For East African citizens to fully benefit from the regional integration it’s stipulated that all the four stages should be fully implemented. The stages are the common market, single customs union, monetary union and a political federation that will see member states having one government.
The common market is being implemented and people have already started reaping high, the single customs union is under intensive negotiations to achieve as well as a single currency.
The most critical is political federation and its realization is still at an infant stage. Experts have put in place the proposed design.
According to the proposed model by the experts, five partner states will have one federal government that will possess the supremacy to the constituent states. The Federal State will be responsible for defined federal matters, while the Constituent States will remain autonomous on matters that do not fall within the Federal competence.
It is proposed that the Federal State be composed of a Federal Executive, Federal Legislature and a Federal Judiciary, with functions based on the principle of separation of powers between the three organs.
The primary purpose of the political federation is to unite the Partner States into a Federal State which is expected to have a unified political authority capable of coordinating policies and addressing the challenges associated as well as ensuring sustainable growth and development in all sectors.
The document drawn by the regional experts and obtained by Sunday Times indicates that a number of Federal institutions will need to be established including the Federal Central Bank, Federal Electoral Commission and a Federal Service Commission among others.
In an interview with Sunday Times, Dr Emmanuel Ugirashebuja, the Dean of the Faculty of Law at the National University of Rwanda, who was among the experts who drafted the document, said that before countries unite, there shall be a referendum in all partner states for the citizens to decide whether to amalgamate or not.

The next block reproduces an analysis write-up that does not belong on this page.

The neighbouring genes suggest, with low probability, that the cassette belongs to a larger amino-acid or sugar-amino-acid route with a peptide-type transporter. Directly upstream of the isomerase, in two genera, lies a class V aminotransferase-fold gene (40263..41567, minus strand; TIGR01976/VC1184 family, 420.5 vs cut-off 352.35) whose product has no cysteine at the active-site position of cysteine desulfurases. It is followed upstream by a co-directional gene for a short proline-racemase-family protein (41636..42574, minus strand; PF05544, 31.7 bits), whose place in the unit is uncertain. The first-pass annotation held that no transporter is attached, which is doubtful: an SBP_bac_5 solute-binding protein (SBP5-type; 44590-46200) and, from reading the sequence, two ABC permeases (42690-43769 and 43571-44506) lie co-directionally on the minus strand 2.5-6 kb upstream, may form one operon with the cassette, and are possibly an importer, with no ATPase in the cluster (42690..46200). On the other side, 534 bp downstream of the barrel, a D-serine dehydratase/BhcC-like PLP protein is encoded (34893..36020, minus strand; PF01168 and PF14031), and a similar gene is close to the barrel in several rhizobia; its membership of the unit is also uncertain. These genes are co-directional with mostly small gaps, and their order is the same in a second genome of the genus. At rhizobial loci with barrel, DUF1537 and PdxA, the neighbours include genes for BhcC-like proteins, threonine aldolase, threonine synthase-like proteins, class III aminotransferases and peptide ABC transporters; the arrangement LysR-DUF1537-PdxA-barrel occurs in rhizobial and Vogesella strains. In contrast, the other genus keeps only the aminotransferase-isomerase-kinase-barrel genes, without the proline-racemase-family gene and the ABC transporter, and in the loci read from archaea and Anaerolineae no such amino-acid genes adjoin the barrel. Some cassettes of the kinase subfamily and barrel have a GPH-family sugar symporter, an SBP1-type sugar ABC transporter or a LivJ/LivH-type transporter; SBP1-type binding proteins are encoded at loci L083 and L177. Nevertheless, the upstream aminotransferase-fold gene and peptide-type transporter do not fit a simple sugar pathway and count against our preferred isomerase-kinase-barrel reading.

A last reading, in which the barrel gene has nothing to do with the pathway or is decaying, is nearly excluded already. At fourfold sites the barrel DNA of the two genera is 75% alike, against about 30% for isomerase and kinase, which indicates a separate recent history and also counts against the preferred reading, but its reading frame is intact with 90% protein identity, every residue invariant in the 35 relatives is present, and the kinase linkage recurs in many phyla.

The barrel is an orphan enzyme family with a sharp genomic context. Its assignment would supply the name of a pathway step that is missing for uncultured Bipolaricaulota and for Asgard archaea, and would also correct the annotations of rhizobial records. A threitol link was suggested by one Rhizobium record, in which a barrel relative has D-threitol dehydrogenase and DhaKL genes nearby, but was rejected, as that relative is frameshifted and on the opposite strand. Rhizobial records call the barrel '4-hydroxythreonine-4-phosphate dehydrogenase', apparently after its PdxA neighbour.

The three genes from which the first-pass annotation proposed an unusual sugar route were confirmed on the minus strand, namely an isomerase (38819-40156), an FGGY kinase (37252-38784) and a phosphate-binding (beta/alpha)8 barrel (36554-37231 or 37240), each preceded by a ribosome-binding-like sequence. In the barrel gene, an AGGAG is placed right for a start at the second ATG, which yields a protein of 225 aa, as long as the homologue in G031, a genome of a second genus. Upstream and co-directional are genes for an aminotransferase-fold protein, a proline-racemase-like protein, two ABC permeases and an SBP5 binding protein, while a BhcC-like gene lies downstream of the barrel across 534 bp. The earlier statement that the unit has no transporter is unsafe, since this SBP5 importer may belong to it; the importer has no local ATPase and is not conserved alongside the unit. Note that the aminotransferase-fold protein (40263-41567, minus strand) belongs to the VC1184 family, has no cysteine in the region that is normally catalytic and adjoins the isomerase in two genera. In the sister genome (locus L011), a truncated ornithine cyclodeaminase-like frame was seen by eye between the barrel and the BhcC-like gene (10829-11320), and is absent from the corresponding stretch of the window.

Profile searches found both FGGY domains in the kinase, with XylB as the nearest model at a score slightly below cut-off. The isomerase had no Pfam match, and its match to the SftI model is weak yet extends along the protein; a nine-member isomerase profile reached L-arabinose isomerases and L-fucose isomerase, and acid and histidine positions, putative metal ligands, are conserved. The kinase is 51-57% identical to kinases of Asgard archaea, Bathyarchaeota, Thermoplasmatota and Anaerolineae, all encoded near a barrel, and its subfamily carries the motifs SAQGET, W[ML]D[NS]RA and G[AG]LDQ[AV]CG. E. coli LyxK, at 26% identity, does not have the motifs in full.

“The committee will discuss different issues, especially how power will be shared between the federal government and constituent state as it will be detailed in the Federal Constitution,” he said
However though the constitution will be established, countries will still have their national constitutions. Asked about the realization of the federation, the law expert observed that he was optimistic about it however, adding it needed to be backed by political will from the member states.
Ugirashebuja stated the federal government will mainly be responsible for defense, foreign policy and others to be discussed by a team of experts that would be put in place.
It is proposed that the agreed form of the federation will be governed by a Federal Constitution that will be negotiated and subjected to a referendum by the peoples of the Partner States.
Professor Augustus Nuwagaba a Senior Lecturer at Makerere University, said that East Africans were ready to federate but the problem was among the leaders who might not willingly want to leave power.
“People have already started integrating through trading among all partner states; Ugandans are inter-marrying with Rwandans, Kenyans and others and it’s the same case with others from the member countries….but the problem we have is that there are some leaders who might not accept to handover their powers,” he said in interview.